King Parrot - Dead Set (EVP Recordings)

Release Date: 
14 May 2015 - 11:30pm

In one of those amazing, you-didn’t-see-it-coming turn of events that keeps us all on our toes and makes heavy metal the enduring love of our lives it always has, is and ever will be, King Parrot have seemingly gone – in less time than to took to type that last sentence – from being lovable local roustabouts to world-bestriding colossi. The darlings of the world’s metal press, close personal friends of Phil Anselmo, heroes of Rage-style vid clip shows everywhere, the Parrots have got the world at their reeking, plimsol-shod feet.

But will it go to their heads?

On the evidence of a few listens to Dead Set, their second full lengther, the answer at this stage would appear to be no. Dependably grindworthy, thrashing like a maniac where necessary, but always heavy – so very, very heavy – Dead Set transcends the ‘difficult second album’ syndrome to sit proudly amongst the best Australian heavy music has had to offer in the first half of 2015.

Opener Anthem of the Advanced Sinner sets the tone, melding a fine set of Anthrax-style thrash riffage to the horrifying, seemingly helium-fuelled screech of Matt Young (and, whilst those riffs might be sourced from elsewhere, that voice is Young’s and Young’s alone) with predictably devastating consequences for anybody within earshot, most notably my wife who professed to feeling ‘physically sick’ after being subjected to a blast of the track in Sydney’s Utopia Records the other day. Like a Rat is pure grinding mayhem of the first order, whilst Tomorrow Turns to Blood lurches out of the speakers and delivers a belching broadside of old-school death metal filth rarely heard from the lungs of ‘young’ bands in 2015; Anselmo’s much trumpeted production work captures the filth and fury of KP if not perfectly then pretty bloody well – like him or loathe him, he knows his metallic onions and he and the band have constructed a sonic shitstorm of seismic proportions on Dead Set, the overall effect being that of a burst of dirty thunder overhead that presages a deluge of human waste matter from the heavens all over your carefully-coiffured locks.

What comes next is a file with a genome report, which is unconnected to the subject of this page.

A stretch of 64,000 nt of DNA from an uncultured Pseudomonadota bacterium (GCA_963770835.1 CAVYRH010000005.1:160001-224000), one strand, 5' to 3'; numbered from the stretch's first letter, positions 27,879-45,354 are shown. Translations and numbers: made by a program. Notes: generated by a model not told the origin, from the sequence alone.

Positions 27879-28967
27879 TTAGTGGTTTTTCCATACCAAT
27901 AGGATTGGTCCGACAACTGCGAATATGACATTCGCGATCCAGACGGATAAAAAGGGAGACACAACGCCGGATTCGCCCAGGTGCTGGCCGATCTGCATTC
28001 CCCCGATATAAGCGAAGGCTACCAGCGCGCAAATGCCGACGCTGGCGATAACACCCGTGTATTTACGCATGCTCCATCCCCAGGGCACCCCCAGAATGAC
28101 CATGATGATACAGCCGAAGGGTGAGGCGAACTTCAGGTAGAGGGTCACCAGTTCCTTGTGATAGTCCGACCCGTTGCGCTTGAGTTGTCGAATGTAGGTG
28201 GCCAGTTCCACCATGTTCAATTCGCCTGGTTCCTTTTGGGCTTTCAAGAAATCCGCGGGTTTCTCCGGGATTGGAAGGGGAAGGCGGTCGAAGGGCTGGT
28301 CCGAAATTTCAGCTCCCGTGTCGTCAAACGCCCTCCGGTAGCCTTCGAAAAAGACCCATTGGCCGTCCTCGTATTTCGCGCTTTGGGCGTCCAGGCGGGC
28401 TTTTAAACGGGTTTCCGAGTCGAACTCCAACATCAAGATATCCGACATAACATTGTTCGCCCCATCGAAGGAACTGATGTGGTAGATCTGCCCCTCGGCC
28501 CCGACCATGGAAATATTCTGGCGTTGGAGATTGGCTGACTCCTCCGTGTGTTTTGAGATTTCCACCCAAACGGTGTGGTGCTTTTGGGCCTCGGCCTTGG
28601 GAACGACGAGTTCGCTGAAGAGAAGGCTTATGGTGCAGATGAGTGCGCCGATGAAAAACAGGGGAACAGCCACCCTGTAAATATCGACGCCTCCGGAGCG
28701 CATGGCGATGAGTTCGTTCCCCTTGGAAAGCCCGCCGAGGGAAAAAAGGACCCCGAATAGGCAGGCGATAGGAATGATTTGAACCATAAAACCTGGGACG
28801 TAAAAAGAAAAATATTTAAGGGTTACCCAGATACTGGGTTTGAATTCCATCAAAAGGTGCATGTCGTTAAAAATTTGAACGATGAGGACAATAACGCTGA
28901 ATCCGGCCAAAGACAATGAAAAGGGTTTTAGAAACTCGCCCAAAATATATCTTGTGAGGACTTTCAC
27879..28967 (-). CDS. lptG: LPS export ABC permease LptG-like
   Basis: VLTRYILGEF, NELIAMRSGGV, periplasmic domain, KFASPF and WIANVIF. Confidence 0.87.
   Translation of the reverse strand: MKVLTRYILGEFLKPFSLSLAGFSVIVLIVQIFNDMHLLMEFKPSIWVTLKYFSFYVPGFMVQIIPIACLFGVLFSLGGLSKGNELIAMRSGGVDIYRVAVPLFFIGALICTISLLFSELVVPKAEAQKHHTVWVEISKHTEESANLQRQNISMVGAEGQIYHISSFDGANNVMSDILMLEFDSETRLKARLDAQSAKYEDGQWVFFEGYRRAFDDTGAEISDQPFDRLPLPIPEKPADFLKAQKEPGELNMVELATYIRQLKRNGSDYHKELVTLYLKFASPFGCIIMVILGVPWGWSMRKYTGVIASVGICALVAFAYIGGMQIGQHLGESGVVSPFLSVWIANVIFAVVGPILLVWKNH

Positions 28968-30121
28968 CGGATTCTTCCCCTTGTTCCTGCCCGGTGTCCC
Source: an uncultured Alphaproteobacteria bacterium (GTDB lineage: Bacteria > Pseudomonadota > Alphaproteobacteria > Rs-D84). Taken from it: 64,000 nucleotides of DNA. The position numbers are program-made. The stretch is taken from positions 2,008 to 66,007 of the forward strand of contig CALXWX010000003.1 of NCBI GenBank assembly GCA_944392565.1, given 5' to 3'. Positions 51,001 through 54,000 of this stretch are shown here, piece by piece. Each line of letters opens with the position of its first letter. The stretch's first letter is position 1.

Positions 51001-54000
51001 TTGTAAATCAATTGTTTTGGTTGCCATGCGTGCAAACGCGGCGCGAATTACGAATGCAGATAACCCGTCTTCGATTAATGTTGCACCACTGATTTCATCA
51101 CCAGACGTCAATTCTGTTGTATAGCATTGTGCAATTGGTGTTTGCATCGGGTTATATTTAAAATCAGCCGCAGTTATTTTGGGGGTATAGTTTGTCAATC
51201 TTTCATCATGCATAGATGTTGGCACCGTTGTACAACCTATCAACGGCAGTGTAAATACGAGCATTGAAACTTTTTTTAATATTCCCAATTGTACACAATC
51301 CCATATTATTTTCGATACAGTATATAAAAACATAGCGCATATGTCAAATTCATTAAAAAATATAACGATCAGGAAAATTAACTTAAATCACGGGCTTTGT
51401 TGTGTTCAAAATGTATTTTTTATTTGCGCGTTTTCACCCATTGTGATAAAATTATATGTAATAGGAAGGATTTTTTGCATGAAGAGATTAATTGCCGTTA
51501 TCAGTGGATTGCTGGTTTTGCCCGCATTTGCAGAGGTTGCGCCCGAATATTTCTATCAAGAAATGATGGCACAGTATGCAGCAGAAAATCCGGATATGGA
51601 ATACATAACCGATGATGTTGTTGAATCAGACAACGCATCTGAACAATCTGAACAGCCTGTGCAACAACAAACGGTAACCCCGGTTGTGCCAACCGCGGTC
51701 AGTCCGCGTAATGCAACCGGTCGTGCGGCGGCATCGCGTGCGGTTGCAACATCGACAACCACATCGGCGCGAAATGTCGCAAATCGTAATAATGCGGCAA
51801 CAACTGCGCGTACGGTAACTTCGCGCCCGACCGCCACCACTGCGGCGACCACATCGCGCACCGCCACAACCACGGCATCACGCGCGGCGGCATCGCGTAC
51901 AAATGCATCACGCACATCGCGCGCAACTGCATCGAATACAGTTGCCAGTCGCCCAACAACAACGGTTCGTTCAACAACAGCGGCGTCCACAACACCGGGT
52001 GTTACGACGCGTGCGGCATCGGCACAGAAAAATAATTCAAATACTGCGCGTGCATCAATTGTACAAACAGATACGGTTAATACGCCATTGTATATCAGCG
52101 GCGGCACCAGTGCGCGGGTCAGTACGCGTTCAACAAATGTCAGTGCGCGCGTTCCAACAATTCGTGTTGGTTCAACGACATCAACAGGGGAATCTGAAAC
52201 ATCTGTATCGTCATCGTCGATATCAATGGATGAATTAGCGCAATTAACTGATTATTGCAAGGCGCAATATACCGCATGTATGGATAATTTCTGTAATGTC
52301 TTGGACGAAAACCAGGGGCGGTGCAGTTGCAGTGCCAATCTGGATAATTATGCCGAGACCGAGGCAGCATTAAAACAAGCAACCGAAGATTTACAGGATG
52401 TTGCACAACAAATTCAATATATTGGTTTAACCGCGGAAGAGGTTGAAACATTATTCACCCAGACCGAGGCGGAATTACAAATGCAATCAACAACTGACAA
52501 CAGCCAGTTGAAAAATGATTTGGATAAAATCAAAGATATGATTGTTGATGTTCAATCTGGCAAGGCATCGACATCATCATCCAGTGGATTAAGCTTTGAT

Home is Where the Gutter Is is similarly punishing, whilst Sick in the Head ups the speed (though not the intensity), but the ecstatic agony your ears are experiencing doesn’t last much beyond this, as wisely the band limit the punishment here to ten tracks and half an hour lest the effect of all this aural battering be lost due to lack of brevity; That said, there’s a strong likelihood you’ll be pushing the start button on your portable device as soon as Dead Set finishes, such is the curiously addictive nature of the sonic abuse the band deals out in gratifyingly ramshackle fashion, and a dreamy few hours later you’ll be left wondering whether the phrase ‘glutton for punishment’ was invented solely for you and your relationship with this most exciting of albums. Must-have stuff.